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The View from San Francisco: Lisboa – Jerusalem

by | May 14, 2018

The View from San Francisco: Lisboa – Jerusalem

by | May 14, 2018 | 2018 ESC General, Eurovision, Featured, Highlights | 1 comment

I’m a liar. There’s no way around it so I might as well just say it.

I said I could take it easy this season. I said that I felt detached enough that I could go through the final free from nerves. And I was actually right for the most part – until the televote results started, and I found myself muting them because I was slightly too nervous (even though I was certain we would win the public vote). And I absolutely did cry as soon as Israel was announced as the winner. I have to give it to the system – even when the hosts mess it up, it’s still designed in such a way that you have absolutely no time to process anything. You’d think that having the same winner that was predicted all season would be somewhat obvious, at least in retrospect, but the last two weeks didn’t feel like the narrative of a story that was writing itself as expected. At least I was stubborn enough to stick to it all the way through, despite a mounting sensation of having absolutely zero clue what would happen.

For a person who had zero clue, having guessed the three most possible winners last night as Israel, Cyprus and Italy – and in that order – isn’t too bad, though. And I actually want to say that I’m absolutely thrilled for my two favorite songs this season, Italy and Austria, to have done so well on at least one side of the vote. In a season in which I actively loved five songs, having three of them reach the top five and the one from my country actually win feels like a pretty nice way for the universe to apologize for everything else it put me through over the last few months. My other two favorites, France and Portugal, didn’t do quite as well, but I could see the French result coming, and while I was hoping Portugal would fare better, seeing it in a very typical Portuguese position wasn’t really that surprising.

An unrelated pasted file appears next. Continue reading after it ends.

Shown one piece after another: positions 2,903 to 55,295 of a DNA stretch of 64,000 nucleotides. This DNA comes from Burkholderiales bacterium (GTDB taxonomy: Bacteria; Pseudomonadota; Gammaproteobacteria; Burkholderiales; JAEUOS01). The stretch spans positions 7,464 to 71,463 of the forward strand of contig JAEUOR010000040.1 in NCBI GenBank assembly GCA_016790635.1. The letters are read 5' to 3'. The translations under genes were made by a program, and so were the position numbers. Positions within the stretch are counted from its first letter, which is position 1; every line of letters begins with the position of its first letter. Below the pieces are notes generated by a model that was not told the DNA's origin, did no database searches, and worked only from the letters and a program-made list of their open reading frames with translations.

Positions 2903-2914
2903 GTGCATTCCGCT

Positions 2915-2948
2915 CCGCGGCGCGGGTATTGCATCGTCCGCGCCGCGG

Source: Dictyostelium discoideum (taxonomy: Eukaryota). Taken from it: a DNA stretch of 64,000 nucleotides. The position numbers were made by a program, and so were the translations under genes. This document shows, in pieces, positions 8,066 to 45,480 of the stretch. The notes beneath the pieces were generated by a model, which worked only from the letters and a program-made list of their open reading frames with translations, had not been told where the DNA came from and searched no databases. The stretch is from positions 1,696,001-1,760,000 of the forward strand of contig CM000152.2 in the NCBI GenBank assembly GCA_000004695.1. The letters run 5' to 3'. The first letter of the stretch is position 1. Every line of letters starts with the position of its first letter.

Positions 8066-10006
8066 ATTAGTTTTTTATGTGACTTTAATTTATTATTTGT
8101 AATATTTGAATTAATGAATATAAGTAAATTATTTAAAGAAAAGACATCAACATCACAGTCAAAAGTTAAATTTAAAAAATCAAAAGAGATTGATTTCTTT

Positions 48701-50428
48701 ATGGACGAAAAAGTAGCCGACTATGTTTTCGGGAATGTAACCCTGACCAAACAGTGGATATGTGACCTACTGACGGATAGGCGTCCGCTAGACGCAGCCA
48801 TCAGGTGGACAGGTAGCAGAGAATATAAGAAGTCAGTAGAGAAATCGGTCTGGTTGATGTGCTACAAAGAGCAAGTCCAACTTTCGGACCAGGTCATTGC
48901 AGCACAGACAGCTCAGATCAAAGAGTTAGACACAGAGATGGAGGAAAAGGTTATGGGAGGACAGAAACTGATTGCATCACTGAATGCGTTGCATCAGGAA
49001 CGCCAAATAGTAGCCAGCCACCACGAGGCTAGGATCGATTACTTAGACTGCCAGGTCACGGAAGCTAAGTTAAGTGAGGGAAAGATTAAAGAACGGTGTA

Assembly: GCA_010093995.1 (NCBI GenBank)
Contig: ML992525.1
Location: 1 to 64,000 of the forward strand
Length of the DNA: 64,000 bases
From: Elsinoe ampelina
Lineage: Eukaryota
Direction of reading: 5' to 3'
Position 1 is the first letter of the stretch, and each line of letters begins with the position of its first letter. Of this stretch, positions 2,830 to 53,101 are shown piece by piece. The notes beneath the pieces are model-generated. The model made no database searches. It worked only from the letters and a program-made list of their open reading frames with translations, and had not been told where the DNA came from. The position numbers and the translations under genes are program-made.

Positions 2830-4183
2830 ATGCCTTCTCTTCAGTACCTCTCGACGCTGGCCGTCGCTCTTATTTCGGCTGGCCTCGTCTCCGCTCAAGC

I also had a soft spot for SuRie and her song for the entire season, and seeing her performance and the way she handled the intrusion – something that had me shaken, even – was a great demonstration of character and professionalism. I am sorry that she had to be tested in that way, but so very impressed with how she dealt with it nonetheless and relieved to see her safe and sound. Some things are more important than music and competitions.

That last thing is one of the many elements that made watching the Israeli win and the subsequent reactions back home so special, too. Not only had “Toy” been such a popular song in Israel since its revelation – the biggest success of any song I can remember, well before its eventual win – but the country as a whole walked this incredible journey together with Netta down a path I never imagined seeing us walk. Maybe this entire season was about journeys, really. The journey of one fan from not caring to celebrating her country winning; the journey of a team that took the reins of the Israeli selection four years ago and transformed a recent history of repeated failure into four consecutive qualifications and a win; the journey of a new broadcaster that will celebrate its first birthday in two days’ time with the honor of being handed the responsibility of hosting next year; the journey of a country from closeted fans to celebrations in the markets and city squares on Saturday night; and the journey of one girl from social isolation and low self-esteem and confidence to prime-time adulation on European television.